Mayweather Jr. smashes purse mark

Pound-for-pound king Floyd Mayweather Jr., already the world's highest-paid athlete in recent annual surveys, is unlikely to yield his crown with the disclosure Wednesday by adviser Leonard Ellerbe and Golden Boy promoter Richard Schaefer that he will earn a guaranteed purse of $41.5 million for his Sept. 14 junior middleweight unification fight with Saul "Canelo" Alvarez at the MGM Grand in Las Vegas.

"Floyd is the biggest star in the sport and the best in the sport, and when you're the biggest star and you are the best, you get paid the most money," Ellerbe told ESPN.com. "So this comes along with the territory."

Mayweather's purse shatters the previous record of $32 million, which he set for his May 2012 fight with Miguel Cotto and then tied for his fight this past May against Robert Guerrero. For 2013, Mayweather's guaranteed purses will total $73.5 million.

The official contract for $41.5 million won't be filed with the Nevada State Athletic Commission until next week, probably the day before the fight, according to commission executive director Keith Kizer.

"It's a wonderful thing," Ellerbe said. "Floyd has put boxing on his back and crossed over. He took a niche sport and went out there and marketed a persona ['Money' Mayweather] in the mainstream world and became the highest-paid athlete in sports.

"It's [truly a] blessing to be in that position to make that kind of money. Floyd has worked hard to put himself in this position. He deserves every penny of it. He's the only athlete that has dominated his sport for the last 15 years, and now he is fighting the best guy he can possibly fight."

The fight with Mexico's Alvarez (42-0-1, 30 KOs) is the second bout of a megadeal that Mayweather (44-0, 26 KOs) signed with Showtime/CBS before the Guerrero fight as he left behind career-long television partner HBO/Time Warner. The 30-month deal is for up to six fights and worth in the $200 million neighborhood.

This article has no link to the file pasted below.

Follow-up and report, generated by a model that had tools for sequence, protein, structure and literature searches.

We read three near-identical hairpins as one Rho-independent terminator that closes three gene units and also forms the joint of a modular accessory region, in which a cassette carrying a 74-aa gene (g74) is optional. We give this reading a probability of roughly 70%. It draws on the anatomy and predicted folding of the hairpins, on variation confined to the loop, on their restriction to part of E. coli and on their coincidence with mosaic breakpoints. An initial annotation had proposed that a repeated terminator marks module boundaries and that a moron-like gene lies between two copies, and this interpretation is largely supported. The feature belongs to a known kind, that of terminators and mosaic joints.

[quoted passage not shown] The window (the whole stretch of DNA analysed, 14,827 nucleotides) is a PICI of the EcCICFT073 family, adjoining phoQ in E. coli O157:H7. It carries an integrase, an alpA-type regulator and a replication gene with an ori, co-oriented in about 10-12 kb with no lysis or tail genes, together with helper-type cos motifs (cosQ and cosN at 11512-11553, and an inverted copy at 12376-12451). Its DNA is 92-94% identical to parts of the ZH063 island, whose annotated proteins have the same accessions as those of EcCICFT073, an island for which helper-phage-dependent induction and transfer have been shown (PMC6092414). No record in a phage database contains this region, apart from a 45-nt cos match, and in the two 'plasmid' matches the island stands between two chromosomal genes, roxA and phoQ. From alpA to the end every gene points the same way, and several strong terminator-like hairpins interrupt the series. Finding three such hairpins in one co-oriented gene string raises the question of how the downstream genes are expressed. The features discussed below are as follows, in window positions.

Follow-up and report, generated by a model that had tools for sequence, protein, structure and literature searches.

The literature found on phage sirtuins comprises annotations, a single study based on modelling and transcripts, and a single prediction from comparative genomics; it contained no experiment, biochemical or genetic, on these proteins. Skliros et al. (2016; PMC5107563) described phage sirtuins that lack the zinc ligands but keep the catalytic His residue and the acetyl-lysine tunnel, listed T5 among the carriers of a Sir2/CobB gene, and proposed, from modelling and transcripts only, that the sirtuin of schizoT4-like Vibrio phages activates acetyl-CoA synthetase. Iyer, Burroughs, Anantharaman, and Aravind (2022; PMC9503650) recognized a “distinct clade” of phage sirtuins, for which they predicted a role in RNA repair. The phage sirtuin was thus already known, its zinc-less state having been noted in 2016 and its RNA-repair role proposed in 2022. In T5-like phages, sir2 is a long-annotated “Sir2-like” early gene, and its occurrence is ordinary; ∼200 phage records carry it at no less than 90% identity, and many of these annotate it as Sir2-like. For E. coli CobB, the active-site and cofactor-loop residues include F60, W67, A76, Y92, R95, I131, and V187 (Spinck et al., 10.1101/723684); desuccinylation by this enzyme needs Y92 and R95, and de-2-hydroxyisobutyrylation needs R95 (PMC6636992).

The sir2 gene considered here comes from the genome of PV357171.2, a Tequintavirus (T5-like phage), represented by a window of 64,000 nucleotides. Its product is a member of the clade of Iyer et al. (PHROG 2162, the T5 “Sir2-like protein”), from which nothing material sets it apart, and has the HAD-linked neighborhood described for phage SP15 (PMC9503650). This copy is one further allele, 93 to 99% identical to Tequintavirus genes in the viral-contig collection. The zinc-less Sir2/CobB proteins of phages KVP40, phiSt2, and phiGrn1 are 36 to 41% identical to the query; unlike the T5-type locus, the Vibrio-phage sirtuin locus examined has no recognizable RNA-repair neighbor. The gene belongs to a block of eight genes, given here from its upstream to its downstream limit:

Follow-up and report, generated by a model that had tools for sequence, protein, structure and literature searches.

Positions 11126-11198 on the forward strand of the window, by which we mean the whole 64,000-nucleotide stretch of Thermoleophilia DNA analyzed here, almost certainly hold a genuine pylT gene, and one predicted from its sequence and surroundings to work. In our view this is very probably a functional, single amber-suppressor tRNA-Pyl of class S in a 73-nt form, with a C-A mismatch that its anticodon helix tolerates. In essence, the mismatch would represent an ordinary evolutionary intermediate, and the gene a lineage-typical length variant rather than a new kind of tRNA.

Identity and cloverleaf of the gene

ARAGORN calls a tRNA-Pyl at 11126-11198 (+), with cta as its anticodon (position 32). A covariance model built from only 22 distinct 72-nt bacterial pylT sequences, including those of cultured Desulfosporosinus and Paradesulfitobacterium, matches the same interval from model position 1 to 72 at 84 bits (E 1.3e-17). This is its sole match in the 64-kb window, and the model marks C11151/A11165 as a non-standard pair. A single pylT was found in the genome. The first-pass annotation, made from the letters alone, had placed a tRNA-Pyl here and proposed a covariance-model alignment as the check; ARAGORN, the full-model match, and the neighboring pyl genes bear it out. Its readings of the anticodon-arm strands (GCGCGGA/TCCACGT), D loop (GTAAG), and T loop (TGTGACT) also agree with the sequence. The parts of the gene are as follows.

"Showtime/CBS made it known they wanted to be in that Mayweather business," Ellerbe said. "These are the things we talked about with Showtime/CBS when he made this deal, and they have really stepped up to make this possible. When we signed this deal and told people we had the biggest deal in sports history, some people said, 'Yeah, yeah, yeah.' But we were not kidding."

Mayweather's haul for next week's fight could wind up even greater than $41.5 million if the pay-per-view, which some believe can challenge the all-time buy record of 2.44 million and revenue record of more than $130 million that Mayweather and Oscar De La Hoya set for their 2007 showdown, goes through the roof and there is still profit after Showtime/CBS makes it into the black.

"This record purse shows you three things," Schaefer said. "No. 1, it shows you how big Floyd Mayweather is, which we all knew. But it shows you that he is not just breaking records, he [is] breaking them by far. And third, it just shows you [how] big this fight with Canelo is. It's insane."

Alvarez's purse has not been disclosed yet, but sources involved in the event say it is more than $10 million. His contract will be filed with the Nevada commission next week.

According to Schaefer, Mayweather-Alvarez already has broken the all-time gate record with ticket sales to sold-out MGM Grand Garden Arena generating $19.1 million, breaking the record of $18,419,200 set by Mayweather-De La Hoya.

Ellerbe said they also are on their way to selling out 25,000 closed-circuit tickets at MGM properties in Las Vegas at $100 per ticket.

Millions of dollars more will flow into the promotion from foreign television sales, event sponsors, national closed-circuit revenue (including from the fight being shown in more than 500 movie theaters) and merchandise.